Honestly some days you can’t win as a band. No one wants to pay for music anymore, especially if your are not some chart bothering behemoth of popular sterility, so you give your hard created music away for free, eschewing the time and effort you have invested in buying equipment, learning to play it, driving all over the country at you own expense and playing to the clichéd one man and his dog and still in some darkened corner of the internet a basement dwelling loser lays into you.
That was my reaction when I was doing further research on Opus. In preparing for my review of the 3 piece English instrumental band I found a particularly unconstructive review – what’s wrong it’s free, it’s not worth anything, if it costs it’s worth stealing?
Looking at this release with a rational head, it is hard to separate the band from the legacy of their influences, citing Mogwai is as inevitable as Alanis Morissette failing to understand irony, but fortunately they manage to side step being mere clones by mixing up their style with dashes of King Crimson, smatterings of progressive metal and driving riffs.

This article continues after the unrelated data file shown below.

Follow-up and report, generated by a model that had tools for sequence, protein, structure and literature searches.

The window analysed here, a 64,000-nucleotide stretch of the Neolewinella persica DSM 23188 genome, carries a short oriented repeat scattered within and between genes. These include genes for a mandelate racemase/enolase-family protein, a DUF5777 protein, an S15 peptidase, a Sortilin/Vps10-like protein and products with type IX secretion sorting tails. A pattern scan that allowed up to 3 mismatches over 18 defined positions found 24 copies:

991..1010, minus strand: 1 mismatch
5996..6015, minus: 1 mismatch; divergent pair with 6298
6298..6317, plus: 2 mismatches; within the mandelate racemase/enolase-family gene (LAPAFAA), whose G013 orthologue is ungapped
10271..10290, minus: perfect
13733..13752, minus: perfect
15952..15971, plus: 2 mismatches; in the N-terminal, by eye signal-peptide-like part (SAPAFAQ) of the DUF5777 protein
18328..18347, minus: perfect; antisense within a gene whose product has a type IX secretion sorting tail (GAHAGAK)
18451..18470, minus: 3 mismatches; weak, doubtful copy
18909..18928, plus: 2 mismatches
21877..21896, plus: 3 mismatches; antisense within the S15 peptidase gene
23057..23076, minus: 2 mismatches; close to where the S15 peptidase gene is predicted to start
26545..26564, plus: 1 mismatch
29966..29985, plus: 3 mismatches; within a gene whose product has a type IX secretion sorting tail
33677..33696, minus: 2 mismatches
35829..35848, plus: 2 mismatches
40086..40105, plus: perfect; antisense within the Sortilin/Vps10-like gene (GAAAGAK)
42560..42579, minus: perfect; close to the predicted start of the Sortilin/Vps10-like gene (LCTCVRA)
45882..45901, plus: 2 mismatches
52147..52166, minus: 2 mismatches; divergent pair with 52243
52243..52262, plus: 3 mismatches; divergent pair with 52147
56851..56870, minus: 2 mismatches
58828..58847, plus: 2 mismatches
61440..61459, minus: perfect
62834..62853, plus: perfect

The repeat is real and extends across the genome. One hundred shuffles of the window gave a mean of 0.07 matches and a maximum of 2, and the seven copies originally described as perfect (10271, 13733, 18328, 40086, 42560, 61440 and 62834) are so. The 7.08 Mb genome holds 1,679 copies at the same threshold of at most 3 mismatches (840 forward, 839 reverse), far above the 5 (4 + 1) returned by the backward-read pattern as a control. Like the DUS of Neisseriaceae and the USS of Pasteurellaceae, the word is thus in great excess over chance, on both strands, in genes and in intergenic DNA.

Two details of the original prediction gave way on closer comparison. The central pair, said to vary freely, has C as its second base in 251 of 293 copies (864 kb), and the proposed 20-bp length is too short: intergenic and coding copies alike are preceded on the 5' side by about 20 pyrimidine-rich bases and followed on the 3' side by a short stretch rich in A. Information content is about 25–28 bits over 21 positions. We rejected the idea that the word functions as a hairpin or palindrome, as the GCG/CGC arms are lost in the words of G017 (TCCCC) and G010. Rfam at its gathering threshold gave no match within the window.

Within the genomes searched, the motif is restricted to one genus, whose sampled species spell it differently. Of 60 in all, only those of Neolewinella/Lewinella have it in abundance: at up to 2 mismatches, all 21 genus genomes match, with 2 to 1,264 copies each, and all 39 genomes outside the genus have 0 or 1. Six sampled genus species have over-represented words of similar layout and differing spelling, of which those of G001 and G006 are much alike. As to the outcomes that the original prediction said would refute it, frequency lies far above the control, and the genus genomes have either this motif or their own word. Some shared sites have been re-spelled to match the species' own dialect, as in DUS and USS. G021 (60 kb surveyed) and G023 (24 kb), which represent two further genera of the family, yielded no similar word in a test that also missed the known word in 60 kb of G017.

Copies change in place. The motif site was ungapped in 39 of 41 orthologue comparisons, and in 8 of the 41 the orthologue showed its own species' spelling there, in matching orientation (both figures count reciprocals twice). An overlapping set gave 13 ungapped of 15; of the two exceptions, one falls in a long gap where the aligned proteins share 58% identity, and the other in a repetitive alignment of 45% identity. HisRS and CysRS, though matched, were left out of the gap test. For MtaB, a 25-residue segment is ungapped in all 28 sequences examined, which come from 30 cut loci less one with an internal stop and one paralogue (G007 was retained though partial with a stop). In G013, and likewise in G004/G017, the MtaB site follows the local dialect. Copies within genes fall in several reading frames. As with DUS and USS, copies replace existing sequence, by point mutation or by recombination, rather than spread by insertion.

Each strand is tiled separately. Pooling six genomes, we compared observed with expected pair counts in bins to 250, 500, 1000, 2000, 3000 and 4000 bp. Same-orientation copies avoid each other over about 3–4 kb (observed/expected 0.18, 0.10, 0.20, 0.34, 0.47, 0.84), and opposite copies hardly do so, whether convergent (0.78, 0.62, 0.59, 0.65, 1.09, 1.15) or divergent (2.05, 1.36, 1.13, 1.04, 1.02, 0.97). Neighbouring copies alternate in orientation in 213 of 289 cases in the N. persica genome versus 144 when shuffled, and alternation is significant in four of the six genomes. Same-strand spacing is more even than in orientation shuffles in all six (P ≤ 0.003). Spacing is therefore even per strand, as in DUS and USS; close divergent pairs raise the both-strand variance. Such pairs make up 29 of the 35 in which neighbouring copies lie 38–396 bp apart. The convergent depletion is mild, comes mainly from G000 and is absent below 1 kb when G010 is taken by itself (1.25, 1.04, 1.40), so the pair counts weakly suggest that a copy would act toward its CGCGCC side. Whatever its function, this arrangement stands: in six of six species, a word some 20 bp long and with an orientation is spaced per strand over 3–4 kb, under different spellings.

In fact the opening track of ‘Autonomy’ kicks off with a punky, desert dry feel that recalls Kyuss or QOTSA before they were filtered through the Pop Market by Homme. This is no blatant rip off either but a huge, accessible piece of music that is taught and muscular. It is not long before their own unique, experimental side takes over and they drop out of that into a carefully considered, acoustic section that is almost Joy Division-esque with a smattering of psychedelia, before picking up pace to run the prog rock gamut for a dizzying finale.
The second track by contrast is completely bi-polar, an achingly beautiful moment of serenity where strings and piano collide in perfect harmony; soaring and uplifting before the band put their foot back on the throttle for track three’s charge for the finish line with a straight forward rock and roll work out that would be perfect for hammering down some dusty highway and blowing off steam.
It’s a hard task keep people’s attention as an instrumental band and to stand out from your influences can be tricky. At times Opus do this with ease and at times you wonder if you’ve heard that piece before. That said it is a refreshingly non naval gazing piece of music and will no doubt come alive in small venue setting and for Christ’s sake, it’s free.
It would be a spoilt, churlish person to look this gift horse in the mouth.
Label: Self Released
Scribed by: Mark Hunt-Bryden